Sunday, September 26, 2010

Astonishing X-men Xenogenesis #3 - More Questions Than Awesome

I admit I didn't give Warren Ellis's cooky and visually nauseating mini, Astonishing X-men Xenogenesis, much of a chance after the first issue. Between the shitty art, the baseball uniforms, and a questionable connection to the continuity I was completely turned off. For a book written by Warren Ellis, that's saying something. Ellis is one of those rare comic writers who can turn shit into diamonds with his writing. It's not that he didn't do his job with Astonishing. The man can write dialogue. But in terms of plot and presentation, Astonishing X-men Xenogenesis is about as palpable as battery acid laced with bleach.

So why am I giving Astonishing X-men Xenogenesis #3 another chance? Well it's Warren Ellis! He's a guy who deserves more than his share of chances giving his track record. Plus, I would be a grade-A douche bag if I rejected a comic solely on the basis it looked bad while not giving the story a chance. I lampoon others for doing it. The last thing I want to be is a hypocrite. It helps that the cover of the third issue is pretty freakin' hilarious. If ever there was an image that summed up Cyclops and Emma Frost in recent comics, this is it. So why not? I'll take the ride again if Ellis is going to keep going.

So far the story has been fairly straightforward. The plot revolves around an African village having what appears to be a high rate of mutant births. Now it's not clear if these children are mutants, but they're enough like mutants for the Astonishing team to journey over and investigate. What they found with Scooby and the gang is that the births weren't the result of the X-gene. They were the result of a strange brand of radiation, which has always been the excuse in comics. It's the superhero equivalent of "my dog ate my homework." They try to help the children, but are then attacked by the local African dictator (which are about as common as crab grass over there). His name is Joshua N'Dingi, which sounds like a pretty cool African name. But he also goes by Dr. Crocodile, which more or less destroys any semblance of cool because that has to be the shittiest name for a doctor in history.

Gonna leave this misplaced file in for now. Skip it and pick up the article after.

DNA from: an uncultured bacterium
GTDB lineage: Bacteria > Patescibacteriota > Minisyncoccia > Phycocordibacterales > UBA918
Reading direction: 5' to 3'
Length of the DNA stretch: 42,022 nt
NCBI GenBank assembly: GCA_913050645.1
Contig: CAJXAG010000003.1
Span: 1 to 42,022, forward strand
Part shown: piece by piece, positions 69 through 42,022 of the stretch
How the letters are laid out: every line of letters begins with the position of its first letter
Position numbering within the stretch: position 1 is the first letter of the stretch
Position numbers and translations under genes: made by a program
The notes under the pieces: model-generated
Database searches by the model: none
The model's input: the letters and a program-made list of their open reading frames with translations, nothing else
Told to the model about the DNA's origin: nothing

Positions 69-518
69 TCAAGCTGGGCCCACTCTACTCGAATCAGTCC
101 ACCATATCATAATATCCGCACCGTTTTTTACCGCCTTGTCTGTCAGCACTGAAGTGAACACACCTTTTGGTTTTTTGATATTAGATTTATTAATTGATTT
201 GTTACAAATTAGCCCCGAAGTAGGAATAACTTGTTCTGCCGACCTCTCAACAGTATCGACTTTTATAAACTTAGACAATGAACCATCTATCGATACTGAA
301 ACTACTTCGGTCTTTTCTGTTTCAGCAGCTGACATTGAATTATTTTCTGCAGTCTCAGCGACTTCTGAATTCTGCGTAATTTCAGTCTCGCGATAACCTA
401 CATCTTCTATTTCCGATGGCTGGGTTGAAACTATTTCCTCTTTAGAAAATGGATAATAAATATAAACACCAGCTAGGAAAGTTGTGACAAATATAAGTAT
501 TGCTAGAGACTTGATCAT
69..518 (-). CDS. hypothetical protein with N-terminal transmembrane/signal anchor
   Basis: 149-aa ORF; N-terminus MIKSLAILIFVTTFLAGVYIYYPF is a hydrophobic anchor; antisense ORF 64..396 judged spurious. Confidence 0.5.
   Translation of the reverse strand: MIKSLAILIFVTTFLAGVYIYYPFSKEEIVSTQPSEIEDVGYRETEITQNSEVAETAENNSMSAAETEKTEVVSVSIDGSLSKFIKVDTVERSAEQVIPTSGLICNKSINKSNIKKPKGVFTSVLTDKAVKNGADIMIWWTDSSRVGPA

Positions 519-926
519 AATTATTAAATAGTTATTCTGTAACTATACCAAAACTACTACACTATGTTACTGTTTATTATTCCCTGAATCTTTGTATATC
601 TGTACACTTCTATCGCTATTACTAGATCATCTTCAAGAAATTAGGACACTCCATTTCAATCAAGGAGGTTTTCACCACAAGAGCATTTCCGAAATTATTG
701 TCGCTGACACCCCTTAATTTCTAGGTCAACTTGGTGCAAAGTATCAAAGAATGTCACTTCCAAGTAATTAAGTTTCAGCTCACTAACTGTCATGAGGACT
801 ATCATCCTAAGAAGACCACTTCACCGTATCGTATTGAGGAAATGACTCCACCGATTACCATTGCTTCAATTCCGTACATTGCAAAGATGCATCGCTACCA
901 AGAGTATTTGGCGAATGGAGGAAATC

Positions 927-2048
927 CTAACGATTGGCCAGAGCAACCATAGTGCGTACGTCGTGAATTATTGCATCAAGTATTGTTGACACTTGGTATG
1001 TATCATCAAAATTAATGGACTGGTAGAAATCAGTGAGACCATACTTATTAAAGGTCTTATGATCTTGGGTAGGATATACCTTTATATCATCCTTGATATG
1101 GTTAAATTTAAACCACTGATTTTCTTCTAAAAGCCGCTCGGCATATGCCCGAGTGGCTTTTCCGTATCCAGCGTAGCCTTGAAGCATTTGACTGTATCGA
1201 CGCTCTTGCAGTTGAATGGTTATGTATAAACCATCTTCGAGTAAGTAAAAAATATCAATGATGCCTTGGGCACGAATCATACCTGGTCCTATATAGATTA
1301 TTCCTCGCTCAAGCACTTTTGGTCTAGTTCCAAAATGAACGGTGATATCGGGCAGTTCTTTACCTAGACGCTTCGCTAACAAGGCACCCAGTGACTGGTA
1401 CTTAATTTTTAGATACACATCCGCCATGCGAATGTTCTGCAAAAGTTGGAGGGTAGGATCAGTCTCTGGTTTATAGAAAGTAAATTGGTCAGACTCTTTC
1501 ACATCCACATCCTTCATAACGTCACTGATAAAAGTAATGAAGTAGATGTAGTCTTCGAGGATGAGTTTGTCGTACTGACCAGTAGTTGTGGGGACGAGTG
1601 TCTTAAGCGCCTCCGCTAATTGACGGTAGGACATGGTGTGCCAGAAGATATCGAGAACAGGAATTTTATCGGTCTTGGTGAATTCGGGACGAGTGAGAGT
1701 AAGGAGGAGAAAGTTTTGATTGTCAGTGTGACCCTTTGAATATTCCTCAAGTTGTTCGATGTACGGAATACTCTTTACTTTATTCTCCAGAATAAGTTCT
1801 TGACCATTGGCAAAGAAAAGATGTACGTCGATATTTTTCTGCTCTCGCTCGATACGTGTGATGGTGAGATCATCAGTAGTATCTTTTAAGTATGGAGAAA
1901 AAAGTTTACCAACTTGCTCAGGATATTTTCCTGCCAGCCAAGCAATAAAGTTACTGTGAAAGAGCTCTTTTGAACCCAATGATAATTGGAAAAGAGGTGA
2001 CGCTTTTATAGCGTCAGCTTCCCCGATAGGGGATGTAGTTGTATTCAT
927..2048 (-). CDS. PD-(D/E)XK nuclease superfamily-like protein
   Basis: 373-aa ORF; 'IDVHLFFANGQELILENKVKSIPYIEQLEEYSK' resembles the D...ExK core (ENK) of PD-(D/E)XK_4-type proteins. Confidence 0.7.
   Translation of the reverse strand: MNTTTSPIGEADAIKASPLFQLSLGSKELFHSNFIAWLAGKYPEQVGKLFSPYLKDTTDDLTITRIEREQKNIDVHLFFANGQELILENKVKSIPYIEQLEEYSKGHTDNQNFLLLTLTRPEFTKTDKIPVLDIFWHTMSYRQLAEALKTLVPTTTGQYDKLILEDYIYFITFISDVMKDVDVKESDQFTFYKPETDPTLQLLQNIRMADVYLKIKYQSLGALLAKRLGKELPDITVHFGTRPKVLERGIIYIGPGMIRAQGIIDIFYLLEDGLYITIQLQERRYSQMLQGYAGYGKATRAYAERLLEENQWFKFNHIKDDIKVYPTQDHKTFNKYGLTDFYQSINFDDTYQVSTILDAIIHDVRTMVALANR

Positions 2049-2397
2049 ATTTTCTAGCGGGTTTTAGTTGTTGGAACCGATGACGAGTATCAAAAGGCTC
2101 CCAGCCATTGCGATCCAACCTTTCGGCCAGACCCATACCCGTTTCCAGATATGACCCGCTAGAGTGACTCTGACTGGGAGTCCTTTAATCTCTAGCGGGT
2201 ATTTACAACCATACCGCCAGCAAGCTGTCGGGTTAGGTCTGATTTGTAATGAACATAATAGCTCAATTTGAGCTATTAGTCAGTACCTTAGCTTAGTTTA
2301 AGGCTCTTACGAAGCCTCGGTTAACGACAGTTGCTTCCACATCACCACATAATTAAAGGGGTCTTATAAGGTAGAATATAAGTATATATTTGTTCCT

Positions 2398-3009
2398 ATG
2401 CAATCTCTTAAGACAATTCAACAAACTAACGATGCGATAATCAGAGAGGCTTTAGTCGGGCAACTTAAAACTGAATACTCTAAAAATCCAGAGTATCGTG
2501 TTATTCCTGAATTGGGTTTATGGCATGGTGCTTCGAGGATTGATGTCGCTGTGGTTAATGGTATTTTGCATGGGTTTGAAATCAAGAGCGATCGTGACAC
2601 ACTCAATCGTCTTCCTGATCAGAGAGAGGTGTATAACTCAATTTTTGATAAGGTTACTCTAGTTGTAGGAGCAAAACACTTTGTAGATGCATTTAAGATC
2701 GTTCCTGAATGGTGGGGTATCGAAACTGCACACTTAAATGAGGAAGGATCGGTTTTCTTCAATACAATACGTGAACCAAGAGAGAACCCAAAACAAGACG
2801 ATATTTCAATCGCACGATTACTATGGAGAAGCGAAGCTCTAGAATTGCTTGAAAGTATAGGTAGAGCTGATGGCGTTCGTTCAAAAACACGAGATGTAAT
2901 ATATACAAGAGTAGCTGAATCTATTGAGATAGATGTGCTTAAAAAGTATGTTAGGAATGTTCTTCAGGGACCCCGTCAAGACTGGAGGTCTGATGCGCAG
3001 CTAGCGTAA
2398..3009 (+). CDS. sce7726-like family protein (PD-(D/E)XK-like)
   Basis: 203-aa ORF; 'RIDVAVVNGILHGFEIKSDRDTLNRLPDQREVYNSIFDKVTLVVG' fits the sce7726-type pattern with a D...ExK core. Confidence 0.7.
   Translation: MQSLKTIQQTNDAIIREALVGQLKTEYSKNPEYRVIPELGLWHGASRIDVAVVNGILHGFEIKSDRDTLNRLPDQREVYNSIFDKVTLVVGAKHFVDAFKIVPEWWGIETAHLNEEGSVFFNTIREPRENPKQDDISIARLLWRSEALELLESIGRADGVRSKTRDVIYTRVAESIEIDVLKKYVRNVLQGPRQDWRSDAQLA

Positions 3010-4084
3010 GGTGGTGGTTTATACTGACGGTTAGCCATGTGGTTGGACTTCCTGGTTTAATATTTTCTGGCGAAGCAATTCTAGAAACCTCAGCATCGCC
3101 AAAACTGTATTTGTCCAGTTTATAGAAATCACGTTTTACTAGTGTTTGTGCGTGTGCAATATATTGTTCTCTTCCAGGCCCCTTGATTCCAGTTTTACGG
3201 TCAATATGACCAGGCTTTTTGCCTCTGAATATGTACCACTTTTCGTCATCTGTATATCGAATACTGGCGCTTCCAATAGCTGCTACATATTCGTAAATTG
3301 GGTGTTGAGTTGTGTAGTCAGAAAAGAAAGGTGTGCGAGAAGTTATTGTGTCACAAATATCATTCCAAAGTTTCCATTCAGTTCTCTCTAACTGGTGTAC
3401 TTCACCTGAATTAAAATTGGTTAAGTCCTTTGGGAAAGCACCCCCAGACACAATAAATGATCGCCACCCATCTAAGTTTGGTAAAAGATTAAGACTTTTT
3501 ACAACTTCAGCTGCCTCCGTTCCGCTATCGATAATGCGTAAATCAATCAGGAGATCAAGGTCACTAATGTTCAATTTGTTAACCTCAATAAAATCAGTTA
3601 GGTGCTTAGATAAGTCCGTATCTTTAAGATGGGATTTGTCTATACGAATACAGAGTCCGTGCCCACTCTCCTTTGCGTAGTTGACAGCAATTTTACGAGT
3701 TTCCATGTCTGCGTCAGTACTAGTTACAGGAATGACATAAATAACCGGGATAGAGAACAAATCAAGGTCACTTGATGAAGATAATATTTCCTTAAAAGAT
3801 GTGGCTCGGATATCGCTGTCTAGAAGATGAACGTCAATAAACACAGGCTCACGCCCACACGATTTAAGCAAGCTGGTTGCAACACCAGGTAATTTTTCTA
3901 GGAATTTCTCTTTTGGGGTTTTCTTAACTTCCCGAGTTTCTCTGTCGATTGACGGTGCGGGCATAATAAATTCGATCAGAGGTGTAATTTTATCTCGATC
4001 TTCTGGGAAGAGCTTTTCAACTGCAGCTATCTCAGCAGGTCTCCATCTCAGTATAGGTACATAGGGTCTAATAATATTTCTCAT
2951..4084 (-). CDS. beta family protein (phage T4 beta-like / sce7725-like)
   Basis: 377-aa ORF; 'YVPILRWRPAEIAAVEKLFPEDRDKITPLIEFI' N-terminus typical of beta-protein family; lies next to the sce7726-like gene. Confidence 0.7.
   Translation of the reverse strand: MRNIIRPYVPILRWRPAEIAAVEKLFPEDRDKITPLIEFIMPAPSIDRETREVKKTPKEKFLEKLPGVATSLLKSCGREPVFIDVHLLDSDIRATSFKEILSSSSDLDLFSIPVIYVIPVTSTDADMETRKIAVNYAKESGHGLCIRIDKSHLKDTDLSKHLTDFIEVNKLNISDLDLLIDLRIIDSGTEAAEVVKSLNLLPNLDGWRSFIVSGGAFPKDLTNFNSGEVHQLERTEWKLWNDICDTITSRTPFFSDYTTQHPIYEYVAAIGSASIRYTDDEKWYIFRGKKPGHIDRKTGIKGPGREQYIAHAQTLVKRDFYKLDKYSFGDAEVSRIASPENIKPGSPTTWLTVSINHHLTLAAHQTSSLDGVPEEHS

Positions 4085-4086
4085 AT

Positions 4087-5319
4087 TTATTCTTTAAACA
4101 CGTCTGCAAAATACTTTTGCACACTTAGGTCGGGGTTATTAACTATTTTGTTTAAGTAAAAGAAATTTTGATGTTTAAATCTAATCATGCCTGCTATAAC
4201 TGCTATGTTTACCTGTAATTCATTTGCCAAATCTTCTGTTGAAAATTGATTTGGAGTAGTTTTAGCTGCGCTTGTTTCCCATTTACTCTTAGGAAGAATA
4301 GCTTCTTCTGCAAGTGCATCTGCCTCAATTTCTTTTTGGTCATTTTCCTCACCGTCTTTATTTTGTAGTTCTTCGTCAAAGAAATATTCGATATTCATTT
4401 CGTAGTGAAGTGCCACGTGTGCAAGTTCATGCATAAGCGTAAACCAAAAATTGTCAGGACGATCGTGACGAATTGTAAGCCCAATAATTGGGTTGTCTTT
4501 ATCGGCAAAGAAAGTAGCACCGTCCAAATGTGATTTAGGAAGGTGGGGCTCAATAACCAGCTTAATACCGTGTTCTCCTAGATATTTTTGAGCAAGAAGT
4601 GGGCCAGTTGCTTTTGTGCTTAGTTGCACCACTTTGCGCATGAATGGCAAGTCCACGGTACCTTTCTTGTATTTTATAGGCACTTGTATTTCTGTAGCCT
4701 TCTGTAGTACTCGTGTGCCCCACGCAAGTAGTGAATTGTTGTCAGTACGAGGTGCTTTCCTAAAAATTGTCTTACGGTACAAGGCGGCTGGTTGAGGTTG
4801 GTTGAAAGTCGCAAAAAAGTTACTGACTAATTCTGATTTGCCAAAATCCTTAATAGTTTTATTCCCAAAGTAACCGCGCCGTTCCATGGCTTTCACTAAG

Dr. Crocodile proves to be as lame as his name when he takes a bunch of hostages and threatens to kill the mutated babies. It's enough to make the pro-life crowd's head explode. Killing babies ranks right up there with child molestation as one of the douchiest crimes an asshole can commit. Given this is a dictator, infanticide is practically an Olympic sport. However, the X-men don't take kindly to that kind of shit so they enter a standoff with the guy. Emma gets all his men to point the guns at himself while Cyclops confronts the poorly named dictator who looks like the bastard offspring of the terminator and a zombie.

It makes for a tense situation, but that tension quickly turns into boredom as the next few pages are spent talking. No fighting, no witty exchanges, and no flaunting of powers. They just talk. It's about as exciting as it sounds. Doc Crock plays the role of a Bond villain, foolishly explaining his plan and his whole life story as if he was sitting down and doing an interview for A&E. He tries to come off as a less than douchy guy for wanting to kill the mutant babies. He doesn't call them mutants though. He calls them warpies, which sounds way too lame for something to have come from the mind of Warren Ellis. The reason he calls them this is because they were the result of a radiation burst known as "The Jaspers Warp." Now that actually sounds pretty cool. Definitely worthy of the Warren Ellis label, but Crock still hasn't said much to make him less a douche-bag.